UQP Writer's Room: Laura Elvery
Why did you start writing?
I was keen to be a student again, and to do something creative for myself. I ended up leaving my job as a high school teacher to enrol at QUT in a Master of Creative Industries in Creative Writing, which turned into a PhD where I wrote a novel. From the very first days of returning to study creative writing, I was hooked. On less practical terms, to answer that question, I wrote a lot when I was a girl, filling notebooks and making up scripts for plays for my friends. So I feel lucky I’ve been able to return to that little love that I had when I was small.
How did you decide which form or genre was right for you?
Short stories are often set for creative writing university students; I read them in class and therefore wrote them and I ended up falling in love with the form. I’ve written a few novel manuscripts though and – fingers crossed – my next published work will be a novel.
Where was your inspiration for your latest work?
Ordinary Matter is a short story collection of 20 stories where I took inspiration for each from the 20 times women have been awarded a Nobel Prize in the sciences (it’s something like 600 times for men). Before I started Ordinary Matter I was looking for a new project – Trick of the Light was about to be published and I like to have multiple things on the go. I’m always interested in the lives of women, of sisters, mothers, grandmothers – both extraordinary and ordinary. I was taken with the life of Marie Curie for years and so that research led me to the Nobel Prize, which led me to Elizabeth Blackburn, the only Australian woman to win. Elizabeth’s became the first story I wrote for Ordinary Matter, and from there I was off and running.
How do you get started with a new project?
My next project is a novel that I’ve been thinking about for a couple of years. I start by seeing whether the central idea has legs, whether I remain interested in it. I take lots of handwritten notes, whenever they come to me, in the notebook I always keep close. But the most useful thing for me at the start is to chat to other writers – nothing helps me get to the heart of a project and see its potential like talking about it.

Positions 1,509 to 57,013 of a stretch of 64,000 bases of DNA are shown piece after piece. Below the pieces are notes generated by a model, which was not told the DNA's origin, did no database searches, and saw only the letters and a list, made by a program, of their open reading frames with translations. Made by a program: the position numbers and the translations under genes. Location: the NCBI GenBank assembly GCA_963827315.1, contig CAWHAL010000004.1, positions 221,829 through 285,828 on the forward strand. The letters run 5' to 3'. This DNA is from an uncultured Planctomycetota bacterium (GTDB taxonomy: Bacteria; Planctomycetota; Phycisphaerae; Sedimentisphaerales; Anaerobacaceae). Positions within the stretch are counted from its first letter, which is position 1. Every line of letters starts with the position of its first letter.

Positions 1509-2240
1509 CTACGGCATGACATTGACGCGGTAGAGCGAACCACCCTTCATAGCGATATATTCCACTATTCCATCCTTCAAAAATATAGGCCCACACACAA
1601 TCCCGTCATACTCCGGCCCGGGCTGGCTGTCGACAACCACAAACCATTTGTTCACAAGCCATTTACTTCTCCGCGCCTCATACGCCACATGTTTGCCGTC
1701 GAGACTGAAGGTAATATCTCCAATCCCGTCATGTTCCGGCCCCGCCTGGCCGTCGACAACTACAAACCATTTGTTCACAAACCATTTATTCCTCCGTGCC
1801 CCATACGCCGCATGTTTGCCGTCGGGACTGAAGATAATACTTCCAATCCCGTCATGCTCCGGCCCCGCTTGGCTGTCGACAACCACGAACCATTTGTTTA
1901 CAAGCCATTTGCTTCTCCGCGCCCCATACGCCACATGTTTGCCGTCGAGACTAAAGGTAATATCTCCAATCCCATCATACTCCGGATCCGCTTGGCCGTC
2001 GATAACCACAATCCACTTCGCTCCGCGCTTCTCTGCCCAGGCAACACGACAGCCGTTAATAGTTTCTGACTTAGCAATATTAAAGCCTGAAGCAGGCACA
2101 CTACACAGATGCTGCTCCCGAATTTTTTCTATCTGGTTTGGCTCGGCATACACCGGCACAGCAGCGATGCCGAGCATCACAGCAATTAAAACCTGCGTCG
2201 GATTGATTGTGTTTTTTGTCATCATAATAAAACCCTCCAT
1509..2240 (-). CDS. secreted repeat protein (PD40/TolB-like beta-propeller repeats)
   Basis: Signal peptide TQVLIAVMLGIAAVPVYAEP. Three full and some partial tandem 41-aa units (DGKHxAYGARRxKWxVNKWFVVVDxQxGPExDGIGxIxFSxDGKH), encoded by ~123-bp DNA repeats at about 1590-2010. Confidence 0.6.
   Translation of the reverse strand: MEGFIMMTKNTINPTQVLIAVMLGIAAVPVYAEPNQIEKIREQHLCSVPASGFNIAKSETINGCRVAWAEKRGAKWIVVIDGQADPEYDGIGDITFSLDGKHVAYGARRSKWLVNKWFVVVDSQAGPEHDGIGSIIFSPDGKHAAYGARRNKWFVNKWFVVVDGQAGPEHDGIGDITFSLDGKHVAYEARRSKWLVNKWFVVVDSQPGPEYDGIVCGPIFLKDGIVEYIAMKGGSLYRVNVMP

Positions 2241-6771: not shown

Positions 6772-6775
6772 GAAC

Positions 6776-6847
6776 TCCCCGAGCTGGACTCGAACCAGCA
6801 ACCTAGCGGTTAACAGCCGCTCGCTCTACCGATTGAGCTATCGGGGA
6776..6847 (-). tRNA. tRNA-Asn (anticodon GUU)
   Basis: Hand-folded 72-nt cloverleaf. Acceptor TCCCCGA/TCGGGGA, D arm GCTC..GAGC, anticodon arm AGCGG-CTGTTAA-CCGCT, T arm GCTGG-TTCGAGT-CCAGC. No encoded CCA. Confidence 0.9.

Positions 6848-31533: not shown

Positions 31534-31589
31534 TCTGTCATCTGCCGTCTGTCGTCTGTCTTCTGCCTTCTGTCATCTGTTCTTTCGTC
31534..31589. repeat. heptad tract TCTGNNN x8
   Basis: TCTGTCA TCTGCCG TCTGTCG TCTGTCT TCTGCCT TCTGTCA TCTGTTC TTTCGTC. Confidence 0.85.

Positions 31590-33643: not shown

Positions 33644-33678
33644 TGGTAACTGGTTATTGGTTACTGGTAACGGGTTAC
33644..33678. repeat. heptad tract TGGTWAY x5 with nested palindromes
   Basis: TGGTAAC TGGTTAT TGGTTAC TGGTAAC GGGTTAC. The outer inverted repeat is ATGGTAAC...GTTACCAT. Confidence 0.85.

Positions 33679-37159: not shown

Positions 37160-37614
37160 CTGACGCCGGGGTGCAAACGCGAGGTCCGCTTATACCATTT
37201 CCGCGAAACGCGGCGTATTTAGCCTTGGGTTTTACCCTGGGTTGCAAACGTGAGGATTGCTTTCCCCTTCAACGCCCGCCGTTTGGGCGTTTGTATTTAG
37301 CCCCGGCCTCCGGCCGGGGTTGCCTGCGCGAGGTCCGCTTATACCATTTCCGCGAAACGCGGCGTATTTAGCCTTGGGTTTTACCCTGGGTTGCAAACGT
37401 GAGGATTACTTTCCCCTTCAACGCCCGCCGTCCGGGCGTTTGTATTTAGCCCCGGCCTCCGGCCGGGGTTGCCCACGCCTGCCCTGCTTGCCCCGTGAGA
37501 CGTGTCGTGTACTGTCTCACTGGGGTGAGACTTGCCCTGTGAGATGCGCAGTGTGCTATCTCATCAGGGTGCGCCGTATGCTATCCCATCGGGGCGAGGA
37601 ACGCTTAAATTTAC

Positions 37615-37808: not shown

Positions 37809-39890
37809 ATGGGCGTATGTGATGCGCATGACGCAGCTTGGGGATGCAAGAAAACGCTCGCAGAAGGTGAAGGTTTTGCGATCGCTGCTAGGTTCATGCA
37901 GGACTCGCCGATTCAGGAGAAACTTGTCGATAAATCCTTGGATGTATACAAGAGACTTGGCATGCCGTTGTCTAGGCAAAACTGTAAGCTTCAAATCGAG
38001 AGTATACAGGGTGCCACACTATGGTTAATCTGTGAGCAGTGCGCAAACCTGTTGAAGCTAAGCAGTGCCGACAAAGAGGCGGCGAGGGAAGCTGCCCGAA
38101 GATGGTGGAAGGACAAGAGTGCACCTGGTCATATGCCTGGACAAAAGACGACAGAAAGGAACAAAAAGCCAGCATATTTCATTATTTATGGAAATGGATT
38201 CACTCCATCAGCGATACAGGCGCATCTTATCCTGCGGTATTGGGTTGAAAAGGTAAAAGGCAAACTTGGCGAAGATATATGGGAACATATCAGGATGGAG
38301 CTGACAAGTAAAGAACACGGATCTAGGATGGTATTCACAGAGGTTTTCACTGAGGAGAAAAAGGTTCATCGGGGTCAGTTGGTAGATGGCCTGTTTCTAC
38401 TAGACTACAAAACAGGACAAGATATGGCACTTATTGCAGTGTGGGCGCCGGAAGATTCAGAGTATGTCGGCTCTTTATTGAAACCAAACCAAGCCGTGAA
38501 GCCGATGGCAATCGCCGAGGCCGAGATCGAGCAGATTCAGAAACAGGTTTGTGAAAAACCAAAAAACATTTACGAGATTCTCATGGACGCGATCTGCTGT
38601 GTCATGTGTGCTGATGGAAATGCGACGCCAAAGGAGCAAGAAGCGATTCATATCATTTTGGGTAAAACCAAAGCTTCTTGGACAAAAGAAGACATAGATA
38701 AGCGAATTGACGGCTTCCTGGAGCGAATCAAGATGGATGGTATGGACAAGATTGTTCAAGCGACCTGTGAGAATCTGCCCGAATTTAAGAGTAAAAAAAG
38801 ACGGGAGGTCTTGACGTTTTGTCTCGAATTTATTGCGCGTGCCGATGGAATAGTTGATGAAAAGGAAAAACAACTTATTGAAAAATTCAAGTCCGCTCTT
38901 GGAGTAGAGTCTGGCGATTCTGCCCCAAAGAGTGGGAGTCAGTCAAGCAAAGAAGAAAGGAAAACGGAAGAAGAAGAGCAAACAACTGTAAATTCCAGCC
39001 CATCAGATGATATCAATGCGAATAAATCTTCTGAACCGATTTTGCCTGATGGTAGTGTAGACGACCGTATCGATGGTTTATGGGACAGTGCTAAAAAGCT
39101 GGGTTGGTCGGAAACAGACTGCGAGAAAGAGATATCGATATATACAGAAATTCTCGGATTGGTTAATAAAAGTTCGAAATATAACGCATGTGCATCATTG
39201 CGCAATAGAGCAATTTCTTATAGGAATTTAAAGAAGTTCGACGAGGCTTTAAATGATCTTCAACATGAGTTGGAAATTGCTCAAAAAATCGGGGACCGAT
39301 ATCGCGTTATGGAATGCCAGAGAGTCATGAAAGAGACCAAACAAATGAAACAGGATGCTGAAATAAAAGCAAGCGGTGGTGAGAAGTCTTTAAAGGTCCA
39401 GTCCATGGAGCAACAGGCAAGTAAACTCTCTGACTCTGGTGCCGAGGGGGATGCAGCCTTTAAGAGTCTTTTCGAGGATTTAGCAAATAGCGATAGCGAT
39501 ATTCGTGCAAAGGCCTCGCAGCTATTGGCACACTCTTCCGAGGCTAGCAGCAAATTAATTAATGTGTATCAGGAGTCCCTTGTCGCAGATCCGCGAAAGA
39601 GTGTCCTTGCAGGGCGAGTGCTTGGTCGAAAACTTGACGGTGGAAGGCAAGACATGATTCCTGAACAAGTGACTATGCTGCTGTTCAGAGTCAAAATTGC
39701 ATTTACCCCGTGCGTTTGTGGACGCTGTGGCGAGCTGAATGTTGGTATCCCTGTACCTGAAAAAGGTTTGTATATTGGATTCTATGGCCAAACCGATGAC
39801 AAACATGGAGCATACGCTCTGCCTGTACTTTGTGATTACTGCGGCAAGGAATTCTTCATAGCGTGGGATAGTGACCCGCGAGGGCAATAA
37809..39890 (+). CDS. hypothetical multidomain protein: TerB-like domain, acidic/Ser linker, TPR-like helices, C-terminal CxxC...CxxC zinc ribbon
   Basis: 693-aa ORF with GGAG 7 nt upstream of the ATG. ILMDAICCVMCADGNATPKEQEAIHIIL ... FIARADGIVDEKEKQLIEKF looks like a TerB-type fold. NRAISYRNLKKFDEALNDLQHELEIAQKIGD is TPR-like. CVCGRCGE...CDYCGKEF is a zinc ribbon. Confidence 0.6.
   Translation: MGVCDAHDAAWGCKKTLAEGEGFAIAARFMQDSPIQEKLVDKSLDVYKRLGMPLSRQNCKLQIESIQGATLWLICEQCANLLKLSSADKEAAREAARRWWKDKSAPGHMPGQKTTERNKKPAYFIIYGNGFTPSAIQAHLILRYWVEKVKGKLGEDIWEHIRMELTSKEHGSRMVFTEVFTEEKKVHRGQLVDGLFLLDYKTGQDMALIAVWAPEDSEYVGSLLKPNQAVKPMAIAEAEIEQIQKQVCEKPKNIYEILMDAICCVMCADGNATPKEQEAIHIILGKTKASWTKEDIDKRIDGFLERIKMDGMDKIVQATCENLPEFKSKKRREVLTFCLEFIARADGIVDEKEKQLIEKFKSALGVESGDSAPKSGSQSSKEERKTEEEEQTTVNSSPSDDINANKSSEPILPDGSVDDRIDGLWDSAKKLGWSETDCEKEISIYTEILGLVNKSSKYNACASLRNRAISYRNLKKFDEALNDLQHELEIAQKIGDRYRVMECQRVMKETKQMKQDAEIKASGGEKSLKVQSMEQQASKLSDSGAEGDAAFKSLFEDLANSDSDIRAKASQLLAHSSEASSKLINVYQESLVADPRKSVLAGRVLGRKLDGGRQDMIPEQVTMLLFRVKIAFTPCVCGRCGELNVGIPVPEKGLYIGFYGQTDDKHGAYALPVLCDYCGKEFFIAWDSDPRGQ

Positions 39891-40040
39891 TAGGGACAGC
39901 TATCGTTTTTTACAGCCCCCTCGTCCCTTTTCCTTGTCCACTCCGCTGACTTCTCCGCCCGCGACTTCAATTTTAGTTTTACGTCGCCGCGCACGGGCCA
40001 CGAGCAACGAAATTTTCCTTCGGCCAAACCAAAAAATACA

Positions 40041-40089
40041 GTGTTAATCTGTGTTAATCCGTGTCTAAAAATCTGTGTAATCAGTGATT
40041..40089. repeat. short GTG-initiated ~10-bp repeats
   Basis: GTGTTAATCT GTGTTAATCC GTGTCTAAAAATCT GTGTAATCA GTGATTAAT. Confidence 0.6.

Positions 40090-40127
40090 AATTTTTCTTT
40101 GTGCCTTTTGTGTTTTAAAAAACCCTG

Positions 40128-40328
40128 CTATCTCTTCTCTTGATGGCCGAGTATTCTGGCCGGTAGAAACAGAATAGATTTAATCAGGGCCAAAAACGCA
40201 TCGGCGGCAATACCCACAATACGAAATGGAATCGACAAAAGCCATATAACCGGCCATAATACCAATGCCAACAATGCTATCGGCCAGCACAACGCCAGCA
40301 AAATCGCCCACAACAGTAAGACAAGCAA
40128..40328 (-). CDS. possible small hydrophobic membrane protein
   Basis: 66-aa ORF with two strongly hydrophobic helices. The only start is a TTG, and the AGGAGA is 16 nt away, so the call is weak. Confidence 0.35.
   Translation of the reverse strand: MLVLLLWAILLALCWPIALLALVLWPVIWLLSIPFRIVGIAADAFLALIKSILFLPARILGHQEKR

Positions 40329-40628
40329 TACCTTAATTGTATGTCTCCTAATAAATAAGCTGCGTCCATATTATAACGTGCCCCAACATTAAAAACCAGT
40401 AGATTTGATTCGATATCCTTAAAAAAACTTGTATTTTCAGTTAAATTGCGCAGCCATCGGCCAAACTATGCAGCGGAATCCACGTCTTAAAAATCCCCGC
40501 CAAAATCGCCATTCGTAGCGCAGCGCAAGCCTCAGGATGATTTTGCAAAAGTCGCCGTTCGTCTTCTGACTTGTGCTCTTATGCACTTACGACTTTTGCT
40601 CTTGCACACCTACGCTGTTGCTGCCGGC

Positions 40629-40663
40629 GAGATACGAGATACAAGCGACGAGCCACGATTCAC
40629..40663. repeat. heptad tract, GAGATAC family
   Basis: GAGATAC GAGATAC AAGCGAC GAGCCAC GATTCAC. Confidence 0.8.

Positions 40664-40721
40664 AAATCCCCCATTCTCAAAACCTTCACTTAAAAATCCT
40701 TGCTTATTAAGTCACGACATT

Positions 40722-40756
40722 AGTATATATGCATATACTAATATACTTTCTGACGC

Do you have a routine? What tools do you use?
I absolutely do not have a routine! But I like what Elizabeth Strout says about routine which is that (to paraphrase) she does not have a routine but she feels compelled to write. That’s how I feel. In terms of tools, I write everything on google docs (pros: auto save, can access from anywhere, solid backing up, easy to organise my versions and folders).
How do you handle writer’s block?
Writing notes by hand sometimes helps. Really scrawly and messy so it feels low stakes. Reading is useful. Talking with my writers’ group. And it’s true about going for a walk or run or cooking with a podcast on – that can shake something loose.
How important is research in the writing you do?
I did a lot of research while writing Ordinary Matter – some of it’s in the book but heaps is off the page. Luckily I love researching, especially getting details correct: the exact location of a French multinational power company before it went insolvent, the minutiae of the lives of women working sideline jobs on the Manhattan Project, the price of a Coca-Cola across the US in 1921. That’s all fun.
How much planning is required when it comes to structuring one of your books?
Compared to a lot of writers I know, I don’t do a lot of planning!
What’s the editing process like?
I’ve loved being edited for both my books. With Ordinary Matter I went back and forth with my excellent editor Cathy Vallance. My publisher, Aviva Tuffield, gave me brilliant big picture structural notes while I was early on in the book that were all about shaping the collection. I loved the copy edit stage for Ordinary Matter, either by myself or sitting with Cathy in her office. It’s a real privilege and joy when you can see it coming closer and closer to fruition.
How did you come to be published?
UQP showed interest in my first book, Trick of the Light, after it had been shortlisted (with a different title) in the Queensland Literary Awards unpublished manuscript prize. I still remember where I was (level E in the Myer Centre) when I got the message that my manuscript had, yes, been acquired and would, yes indeed, be published.
Social media – like it or loathe it?
I use Instagram and Twitter quite a lot (and happily). Although Twitter is much more of an open and professional thing for me as a writer.
How do you handle the reviews?
I read them all! I read them with my eyes half-closed and I don’t breathe but I do read them all. I’ve had such beautiful reviews for Ordinary Matter and – up to a point – I love hearing readers’ favourite stories and least favourite stories. But not goodreads. Don’t do that.
What would you be doing if you weren’t a writer?
If we’re talking in terms of spare time? I think I’d be one of those people who exercises way, way more.
What is your number one tip for aspiring writers?
Okay this is more than one, but here goes. Read often and widely. Read for pleasure but also read critically and deliberately, observing closely. Show your support for other writers and their work. And remind yourself that even if you think somebody is a ‘better writer’ than you, nobody else can write precisely what you can.
Plotter or pantser?
Tea or coffee?
When I’m not writing I’m…
Working, reading or parenting.
My favourite place to read is…
Ebook or physical book?